Carnitine, also known as L-carnitine is an amino acid responsible for transport of fatty acids into a cell's mitochondria. It is often sold as a nutritional supplement. more...
Like all other proteinogenic amino acids natural carnitine is the L-stereoisomer. It can be synthesised within the body from the amino acids lysine or methionine. Vitamin C (ascorbic acid) is essential to the synthesis of carnitine. It has been speculated that during growth or pregnancy the requirement of carnitine could exceed its natural production.
Role in fatty acid metabolism
Fatty acids must be activated before they can be carried into the mitochondria, where fatty acid oxidation occurs. This process occurs in two steps:
The formula for the above is:
RCOO- + CoA + ATP + H2O → RCO-CoA + AMP + PPi + 2H+
This reaction is reversible and its equilibrium lies near 1. However, pyrophosphate is hydrolized by a pyrophosphatase, which drives the reaction forward, and to completion.
Once activated, the acyl CoA is transported into the mitochondrial matrix. This occurs via a series of similar steps:
- Acyl CoA is conjugated to carnitine by carnitine acyltransferase I located on the outer mitochondrial membrane
- Acyl carnitine is shuttled inside by a translocase
- Acyl carnitine is converted to acyl CoA by carnitine acyltransferase II located on the inner mitochondrial membrane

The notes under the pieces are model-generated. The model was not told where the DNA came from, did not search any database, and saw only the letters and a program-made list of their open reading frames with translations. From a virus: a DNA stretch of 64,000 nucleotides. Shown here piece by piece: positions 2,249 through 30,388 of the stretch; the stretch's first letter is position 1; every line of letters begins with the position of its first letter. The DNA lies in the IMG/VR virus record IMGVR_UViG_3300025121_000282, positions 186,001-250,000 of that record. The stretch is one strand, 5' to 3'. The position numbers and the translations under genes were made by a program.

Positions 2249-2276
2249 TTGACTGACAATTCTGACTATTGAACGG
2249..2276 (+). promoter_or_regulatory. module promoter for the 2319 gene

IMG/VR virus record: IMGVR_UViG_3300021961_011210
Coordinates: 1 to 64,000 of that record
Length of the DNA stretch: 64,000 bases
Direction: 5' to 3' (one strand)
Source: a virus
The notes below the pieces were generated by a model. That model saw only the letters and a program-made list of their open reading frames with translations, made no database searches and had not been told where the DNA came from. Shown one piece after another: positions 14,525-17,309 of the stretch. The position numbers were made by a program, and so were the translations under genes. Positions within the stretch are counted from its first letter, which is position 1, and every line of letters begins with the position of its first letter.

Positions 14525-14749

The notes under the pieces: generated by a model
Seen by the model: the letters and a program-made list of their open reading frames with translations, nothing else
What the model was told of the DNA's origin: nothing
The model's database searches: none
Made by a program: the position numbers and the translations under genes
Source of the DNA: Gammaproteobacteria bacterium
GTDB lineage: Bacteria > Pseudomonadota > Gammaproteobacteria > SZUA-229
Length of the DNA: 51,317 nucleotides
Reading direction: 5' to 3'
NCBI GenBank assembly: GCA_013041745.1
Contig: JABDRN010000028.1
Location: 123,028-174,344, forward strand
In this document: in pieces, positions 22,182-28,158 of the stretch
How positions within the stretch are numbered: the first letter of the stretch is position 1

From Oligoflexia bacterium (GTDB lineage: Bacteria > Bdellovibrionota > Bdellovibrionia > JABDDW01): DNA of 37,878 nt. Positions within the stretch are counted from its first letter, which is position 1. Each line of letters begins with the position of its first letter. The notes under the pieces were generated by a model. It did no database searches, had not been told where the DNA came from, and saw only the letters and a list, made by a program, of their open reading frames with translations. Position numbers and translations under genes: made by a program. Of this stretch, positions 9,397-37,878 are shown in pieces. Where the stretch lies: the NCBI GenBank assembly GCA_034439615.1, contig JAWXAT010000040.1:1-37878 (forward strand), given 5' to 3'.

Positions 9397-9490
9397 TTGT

It is important to note that carnitine acyltransferase I undergoes allosteric inhibition as a result of malonyl CoA, an intermediate in fatty acid biosynthesis.
The best source of natural carnitine is in red meat and dairy products. Other natural sources of Carnitine include nuts and seeds (e.g pumpkin, sunflower, sesame), legumes or pulses (beans, peas, lentils, peanuts), vegetables (artichokes, asparagus, beet greens, broccoli, brussels sprouts, collard greens, garlic, mustard greens, okra, parsley), fruits (apricots, bananas), cereals (buckwheat, corn, millet, oatmeal, rice bran, rye, whole wheat, wheat bran, wheat germ) and other 'health' foods (bee pollen, brewer's yeast, carob, kale).
Acetyl-L-carnitine or ALCAR, is an acetylated form of L-carnitine. ALCAR is far superior to normal L-carnitine in terms of bioavailability in that it is absorbed by the gastrointestinal tract, enters cells and crosses the blood-brain barrier more readily than unacetylated carnitine.
ALCAR has a broad range of uses including combination with alpha lipoic acid to comprise a patented formulation that has been evidenced to "rejuvenate" the mitochondria of aging mice in studies conducted by Bruce Ames and others. Accordingly, acetyl-L-carnitine has potential as a life extension supplement probably capable of improving the quality and possibily also extending the average life-span of humans. Other attributed uses for ALCAR include using it as a treatment for depression (250 mg per day for several weeks) and for clearing plaque/fatty deposits out of the veins and arteries.
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